The proof is similar in spirit to the proof of Proposition 5b. Let AB be the lower triangular matrix that is obtained by swapping the rows i and k and/or the columns i and k of A. Let BR be the identity matrix with swapping of the same rows as to obtain AB and let BC be the identity matrix with swapping of the same columns as to obtain AB. Note that both BR and BC are symmetric matrices. Then,

(37)AB=BRABCT

is lower triangular.

Denote

(38)ΣBC=BCΦ(1)1ΣΦ(1)TBCT
(39)ΣBR=BRΦ(1)1ΣΦ(1)TBRT.

Given that Φ(1)−1Σ Φ(1)T and Φ*(1)−1Σ*Φ*(1)T are symmetric matrices, we can apply Lemma 1 such that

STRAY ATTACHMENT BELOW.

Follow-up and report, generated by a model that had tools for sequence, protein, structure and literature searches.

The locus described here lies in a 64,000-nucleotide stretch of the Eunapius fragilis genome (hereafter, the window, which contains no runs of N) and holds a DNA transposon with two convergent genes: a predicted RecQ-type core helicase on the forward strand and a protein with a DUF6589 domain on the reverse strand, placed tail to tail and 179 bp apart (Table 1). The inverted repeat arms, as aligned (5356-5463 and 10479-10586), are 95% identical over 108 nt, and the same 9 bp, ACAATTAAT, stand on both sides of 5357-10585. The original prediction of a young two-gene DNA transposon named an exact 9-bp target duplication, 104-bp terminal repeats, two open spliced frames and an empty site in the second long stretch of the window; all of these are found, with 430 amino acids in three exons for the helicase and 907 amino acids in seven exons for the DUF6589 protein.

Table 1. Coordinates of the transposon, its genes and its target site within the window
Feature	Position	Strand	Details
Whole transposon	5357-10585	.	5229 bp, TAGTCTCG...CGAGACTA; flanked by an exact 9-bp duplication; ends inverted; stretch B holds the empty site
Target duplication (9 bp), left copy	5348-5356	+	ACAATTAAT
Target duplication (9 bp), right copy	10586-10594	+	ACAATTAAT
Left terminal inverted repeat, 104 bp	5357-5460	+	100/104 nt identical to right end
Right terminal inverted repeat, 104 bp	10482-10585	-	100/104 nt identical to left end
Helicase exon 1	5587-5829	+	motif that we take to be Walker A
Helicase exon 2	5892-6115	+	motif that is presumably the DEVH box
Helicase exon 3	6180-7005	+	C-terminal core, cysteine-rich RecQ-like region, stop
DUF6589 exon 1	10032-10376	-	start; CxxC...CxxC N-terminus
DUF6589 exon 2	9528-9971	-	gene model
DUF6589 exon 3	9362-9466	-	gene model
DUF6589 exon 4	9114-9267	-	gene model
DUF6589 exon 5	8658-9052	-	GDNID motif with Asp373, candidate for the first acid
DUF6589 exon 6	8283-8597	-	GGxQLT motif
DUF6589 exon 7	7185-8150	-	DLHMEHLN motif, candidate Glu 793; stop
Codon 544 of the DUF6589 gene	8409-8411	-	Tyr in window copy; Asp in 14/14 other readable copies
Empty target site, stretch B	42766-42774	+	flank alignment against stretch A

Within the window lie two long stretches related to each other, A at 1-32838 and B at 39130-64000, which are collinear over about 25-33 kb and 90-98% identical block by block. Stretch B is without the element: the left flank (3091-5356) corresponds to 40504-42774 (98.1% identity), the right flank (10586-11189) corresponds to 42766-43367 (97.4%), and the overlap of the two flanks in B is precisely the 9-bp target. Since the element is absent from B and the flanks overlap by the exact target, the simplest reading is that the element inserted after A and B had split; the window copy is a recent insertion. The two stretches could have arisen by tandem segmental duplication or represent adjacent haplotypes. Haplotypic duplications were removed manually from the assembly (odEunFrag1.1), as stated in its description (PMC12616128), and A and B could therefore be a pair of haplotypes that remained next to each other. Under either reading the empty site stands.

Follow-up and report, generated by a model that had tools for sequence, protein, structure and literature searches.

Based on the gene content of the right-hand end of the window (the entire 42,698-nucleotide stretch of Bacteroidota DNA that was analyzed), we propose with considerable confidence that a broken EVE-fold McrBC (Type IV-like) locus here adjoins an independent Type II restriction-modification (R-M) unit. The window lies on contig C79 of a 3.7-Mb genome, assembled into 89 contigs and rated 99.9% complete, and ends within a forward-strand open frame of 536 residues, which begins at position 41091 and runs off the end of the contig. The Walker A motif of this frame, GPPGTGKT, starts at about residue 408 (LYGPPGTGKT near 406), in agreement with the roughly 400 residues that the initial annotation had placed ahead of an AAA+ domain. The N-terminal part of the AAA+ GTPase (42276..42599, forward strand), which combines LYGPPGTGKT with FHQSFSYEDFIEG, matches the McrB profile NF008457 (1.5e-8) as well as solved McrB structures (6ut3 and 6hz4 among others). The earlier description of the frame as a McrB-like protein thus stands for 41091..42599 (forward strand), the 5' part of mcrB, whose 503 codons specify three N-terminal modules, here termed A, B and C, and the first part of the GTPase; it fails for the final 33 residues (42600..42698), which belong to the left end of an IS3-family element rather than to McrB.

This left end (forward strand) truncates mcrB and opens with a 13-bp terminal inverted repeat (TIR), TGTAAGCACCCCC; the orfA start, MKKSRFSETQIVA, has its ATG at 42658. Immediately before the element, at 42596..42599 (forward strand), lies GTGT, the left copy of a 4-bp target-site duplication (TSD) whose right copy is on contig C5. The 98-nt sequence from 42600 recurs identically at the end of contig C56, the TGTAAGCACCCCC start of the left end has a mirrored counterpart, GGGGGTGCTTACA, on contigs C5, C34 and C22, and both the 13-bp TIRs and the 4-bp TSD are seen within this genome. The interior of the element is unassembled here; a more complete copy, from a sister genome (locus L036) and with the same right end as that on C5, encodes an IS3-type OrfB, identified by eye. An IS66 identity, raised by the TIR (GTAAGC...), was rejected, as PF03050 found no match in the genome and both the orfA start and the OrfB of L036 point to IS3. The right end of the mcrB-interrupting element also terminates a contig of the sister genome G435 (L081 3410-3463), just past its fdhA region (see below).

(40)Ξ.jBC=BCΞ.j
(41)Ξ.jBR=BRΞ.j,

where ΞBC and Ξ*BR are the lower triangular matrices of the Cholesky decompositions of ΣBC and Σ*BR, respectively.

Since BR and BC are either “identity matrices” or “swapping matrices”, BRT=BR1 and BCT=BC1 and using (1), (2), (37), (38) and (39), it follows that

(42)ΣBR=BRΦ(1)1ΣΦ(1)TBRT=BRAΦ(1)1A1AΣATATΦ(1)TATBRT=BRABCTBCΦ(1)1ΣΦ(1)TBCTBCATBRT=ABΞBC(ABΞBC)T.

As lower triangularity of AB and ΞBC implies that also ABΞBC is lower triangular, it follows from (42) that

(43)ΞBR=ABΞBC.

From (37), (40) and (43) and using BCTBC=I, it then follows that

(44)Ξ.jBR=ABΞ.jBC=BRAΞ.j.

Finally, equaling the expressions for Ξ.jBR in (41) and (44) and premultiplying both sides of the equation by BR1 gives

Ξ.j=AΞ.j.

Therefore, the shock δ* is equal to

δ=[Φ(1)1Ξ].j=AΦ(1)A1AΞ.j=A[Φ(1)Ξ].j=Aδ,

which proves that shocks δ and δ* are economically equivalent. □

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Published Online: 2017-7-6